Rogers Communications Q3: What You Need To Know

| About: Rogers Communications (RCI)


Rogers Communications sees best wireless subscription additions since 2010.

Revenues are up but net income feels the pain of the cancellation of Shomi.

What investors should keep an eye on with Rogers Communications.

Canadian telecom powerhouse Rogers Communications Inc. (NYSE:RCI) has not only just released its third quarter report but also its CEO. Facing continued losses in TV subscribers, continued pressure to increase its wireless market share and the issues surrounding the Media division many investors are wondering if Rogers will remain a good dividend paying option for their portfolios.

Shomi the money

Right off the top we need to look at Rogers' third quarter results to see what kind of shape the company is in right now. Rogers managed to increase its revenues in Q3 to C$3.49 billion from C$3.38 billion during the same period last year. Despite some difficulties which we will get into later Rogers managed to boost revenues across most of its divisions in the quarter, and is also still in positive territory year-to-date.


Despite the increases to revenues the issue being faced by Rogers becomes evident when we look at its net income in the quarter which fell to C$220 million (C$0.43 per share) from C$464 million (C$0.90 per share). Much of this lost ground comes from the shutdown of Shomi, Rogers' streaming service which it ran as a joint venture with Shaw Communications (NYSE:SJR). When Shaw sold its Media division to Corus Entertainment (OTCPK:CJREF) it pulled out of the joint venture in order to redistribute its capital into Wind Mobile. For Rogers, Shaw essentially took its ball and went home, leaving Rogers to pay for the field. The shutdown of Shomi (coming November 30) resulted in a C$140 million write-down for Rogers this quarter. That $140 million is above and beyond the money Rogers has already spent on the development of the service and the millions it has spent on securing digital streaming rights.

Shomi the growth

It's not all doom and gloom for Rogers' financials as in the past quarter the company generated the most new wireless subscriptions in a quarter since 2010, and increased service revenues by 6%. In all Rogers added 114,000 net new subscribers in Q3 2016, up from the 77,000 net new subscribers it added in Q3 2015 along with the bump from the Mobilicity acquisition. These additions bring Rogers' total subscription base to 8.46 million post paid subscribers and 1.67 pre paid subscribers, up from 8.24 million and 1.57 million respectively during the same period last year.

Cable services saw its best quarter since 2011 with the launch of the Ignite internet package which helped bring in 39,000 net new subscribers, compared to the 24,000 net new subscribers added during the same period last year. This brought Rogers' total internet subscription base to 2.11 million compared to 2.03 million last year and helped to offset the losses in the TV division which saw its total subscription base fall to 1.83 million from 1.92 million.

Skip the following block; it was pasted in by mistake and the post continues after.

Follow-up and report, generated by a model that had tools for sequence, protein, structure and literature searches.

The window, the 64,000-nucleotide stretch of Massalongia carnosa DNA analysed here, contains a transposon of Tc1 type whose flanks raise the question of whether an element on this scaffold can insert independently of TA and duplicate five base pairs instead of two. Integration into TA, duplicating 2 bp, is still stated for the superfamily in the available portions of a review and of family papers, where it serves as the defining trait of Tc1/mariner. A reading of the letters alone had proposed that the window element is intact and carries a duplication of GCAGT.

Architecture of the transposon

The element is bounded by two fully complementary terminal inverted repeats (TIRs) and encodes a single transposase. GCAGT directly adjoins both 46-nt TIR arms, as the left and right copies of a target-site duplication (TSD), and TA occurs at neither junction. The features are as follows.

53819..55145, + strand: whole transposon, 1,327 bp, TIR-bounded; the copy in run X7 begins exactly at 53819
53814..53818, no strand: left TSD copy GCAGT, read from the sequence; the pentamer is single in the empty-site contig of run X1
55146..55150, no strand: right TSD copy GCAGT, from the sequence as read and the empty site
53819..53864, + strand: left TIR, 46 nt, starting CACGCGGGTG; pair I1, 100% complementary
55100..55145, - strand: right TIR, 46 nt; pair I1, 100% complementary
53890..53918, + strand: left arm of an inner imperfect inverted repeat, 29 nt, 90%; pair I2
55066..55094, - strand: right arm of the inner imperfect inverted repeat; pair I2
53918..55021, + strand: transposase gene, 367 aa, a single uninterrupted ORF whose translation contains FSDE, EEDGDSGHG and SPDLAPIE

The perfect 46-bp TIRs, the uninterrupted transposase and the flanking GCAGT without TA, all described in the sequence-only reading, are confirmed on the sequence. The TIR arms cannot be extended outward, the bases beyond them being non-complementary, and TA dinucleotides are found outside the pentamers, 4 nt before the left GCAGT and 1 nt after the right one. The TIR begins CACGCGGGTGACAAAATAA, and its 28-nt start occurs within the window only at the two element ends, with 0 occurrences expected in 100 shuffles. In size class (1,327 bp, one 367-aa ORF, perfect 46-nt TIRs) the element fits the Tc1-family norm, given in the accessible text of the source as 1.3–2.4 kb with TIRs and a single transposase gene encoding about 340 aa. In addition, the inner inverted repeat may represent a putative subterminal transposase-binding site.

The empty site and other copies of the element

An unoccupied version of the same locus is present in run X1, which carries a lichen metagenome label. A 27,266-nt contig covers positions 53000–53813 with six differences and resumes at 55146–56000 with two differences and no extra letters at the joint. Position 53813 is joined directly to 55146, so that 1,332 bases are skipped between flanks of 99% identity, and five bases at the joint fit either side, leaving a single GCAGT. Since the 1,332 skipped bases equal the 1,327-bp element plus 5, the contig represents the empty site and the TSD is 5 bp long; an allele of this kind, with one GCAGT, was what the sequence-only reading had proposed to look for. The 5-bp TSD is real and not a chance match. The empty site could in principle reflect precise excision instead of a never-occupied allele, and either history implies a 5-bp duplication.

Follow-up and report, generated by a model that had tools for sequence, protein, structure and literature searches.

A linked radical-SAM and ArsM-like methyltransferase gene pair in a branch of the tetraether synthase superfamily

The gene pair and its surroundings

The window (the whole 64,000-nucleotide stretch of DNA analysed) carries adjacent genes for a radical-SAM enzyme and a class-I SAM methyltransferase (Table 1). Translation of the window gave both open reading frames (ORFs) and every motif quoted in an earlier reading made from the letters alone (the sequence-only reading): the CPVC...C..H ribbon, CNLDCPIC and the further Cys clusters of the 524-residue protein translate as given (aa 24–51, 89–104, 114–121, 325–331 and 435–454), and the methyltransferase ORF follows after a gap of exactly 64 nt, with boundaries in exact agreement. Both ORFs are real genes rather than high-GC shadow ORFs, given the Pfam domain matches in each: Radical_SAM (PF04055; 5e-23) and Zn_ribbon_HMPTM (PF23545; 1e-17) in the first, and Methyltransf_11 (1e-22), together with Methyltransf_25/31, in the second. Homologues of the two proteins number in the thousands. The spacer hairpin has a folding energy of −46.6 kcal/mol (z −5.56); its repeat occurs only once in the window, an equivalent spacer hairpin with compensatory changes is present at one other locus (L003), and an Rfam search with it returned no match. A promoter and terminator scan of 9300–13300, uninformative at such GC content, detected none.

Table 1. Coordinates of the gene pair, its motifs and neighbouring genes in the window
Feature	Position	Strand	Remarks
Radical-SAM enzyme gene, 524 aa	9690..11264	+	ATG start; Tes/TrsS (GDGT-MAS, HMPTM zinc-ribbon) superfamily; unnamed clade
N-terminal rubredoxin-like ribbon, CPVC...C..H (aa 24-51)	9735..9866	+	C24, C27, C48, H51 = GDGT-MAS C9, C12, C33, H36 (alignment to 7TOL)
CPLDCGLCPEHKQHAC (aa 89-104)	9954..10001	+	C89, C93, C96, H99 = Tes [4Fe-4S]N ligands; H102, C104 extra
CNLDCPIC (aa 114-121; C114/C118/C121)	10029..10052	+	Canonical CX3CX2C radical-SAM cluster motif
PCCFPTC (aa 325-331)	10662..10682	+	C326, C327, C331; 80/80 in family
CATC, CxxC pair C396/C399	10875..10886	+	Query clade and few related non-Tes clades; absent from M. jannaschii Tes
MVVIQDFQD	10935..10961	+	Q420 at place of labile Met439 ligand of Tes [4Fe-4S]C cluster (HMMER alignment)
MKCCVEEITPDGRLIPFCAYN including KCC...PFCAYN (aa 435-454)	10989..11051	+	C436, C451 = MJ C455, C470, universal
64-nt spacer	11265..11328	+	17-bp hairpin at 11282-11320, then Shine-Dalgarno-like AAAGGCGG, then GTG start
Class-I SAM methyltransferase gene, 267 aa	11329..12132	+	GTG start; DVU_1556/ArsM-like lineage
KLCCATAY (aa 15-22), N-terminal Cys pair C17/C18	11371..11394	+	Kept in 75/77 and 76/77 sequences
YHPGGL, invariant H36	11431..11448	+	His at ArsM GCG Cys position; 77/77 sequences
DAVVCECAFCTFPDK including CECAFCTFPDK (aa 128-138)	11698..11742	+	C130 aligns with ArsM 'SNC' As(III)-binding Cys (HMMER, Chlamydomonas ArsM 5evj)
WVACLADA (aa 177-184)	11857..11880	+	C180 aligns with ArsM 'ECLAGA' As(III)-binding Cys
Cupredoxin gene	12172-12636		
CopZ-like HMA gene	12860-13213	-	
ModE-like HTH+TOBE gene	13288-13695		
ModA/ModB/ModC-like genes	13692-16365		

Shomi the door

Along with the release of the Q3 2016 report Rogers also announced that it had released its CEO Guy Lawrence after only three years in the position. Apparent friction between Lawrence and the ruling family combined with the lack of returns from the NHL agreement (signed by Lawrence's predecessor) has finally culminated with the change in leadership direction. Investors have had a love/hate relationship with the now former CEO. While investors supported the removal of excess Rogers family members and a focus on customers service the issues such as the failure to increase the dividend, a convoluted internal restructure (Rogers 3.0) and the debacle which was Hockey Night In Canada last year left many wary of making a long term investment in Rogers Communications.

Going forward it appears that Rogers is attempting to bring in former Telus Corp (NYSE:TU) CEO Joe Natale to be their new CEO. The belief is that Natale was selected due to his strong focus on customer satisfaction, which while it has improved has always been a red flag over at Rogers. Natale was believed to be in the running during the last CEO search at Rogers but non-compete clauses may have closed that door, and those same non-compete clauses could pose some issues this time around also. Given the leadership structure of Rogers whatever time is necessary to appoint a permanent CEO shouldn't cause any ill effects on the stock, and the role of CEO is currently being filled by Chairman Alan Horn.

Shomi the stock

The story behind Roger's stock has always been one of steady growth with a solid dividend, and that story is poised to continue. It just may happen at a slower pace than it used to in previous years however, just because of the growth of Rogers' three national competitors recently. Currently the stock is trading not far from its 52 week highs and its average price target is sitting at C$57.66 with a range of C$54.00 to C$60.00.


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For investors looking to shore up or even begin a position in the Canadian telecom sector Rogers is perhaps your best B choice. By that I mean that given its size and modest growth it has a high degree of stability given its stock price. While currently the other three telecoms BCE (NYSE:BCE), Telus and Shaw are in the midst of extensive M&A and infrastructure spending. These other telecoms will perhaps see better year over year share price growth than Rogers, which is why I continue to believe that Rogers paired up with one of these other telecoms makes for a better strategy for your portfolio.

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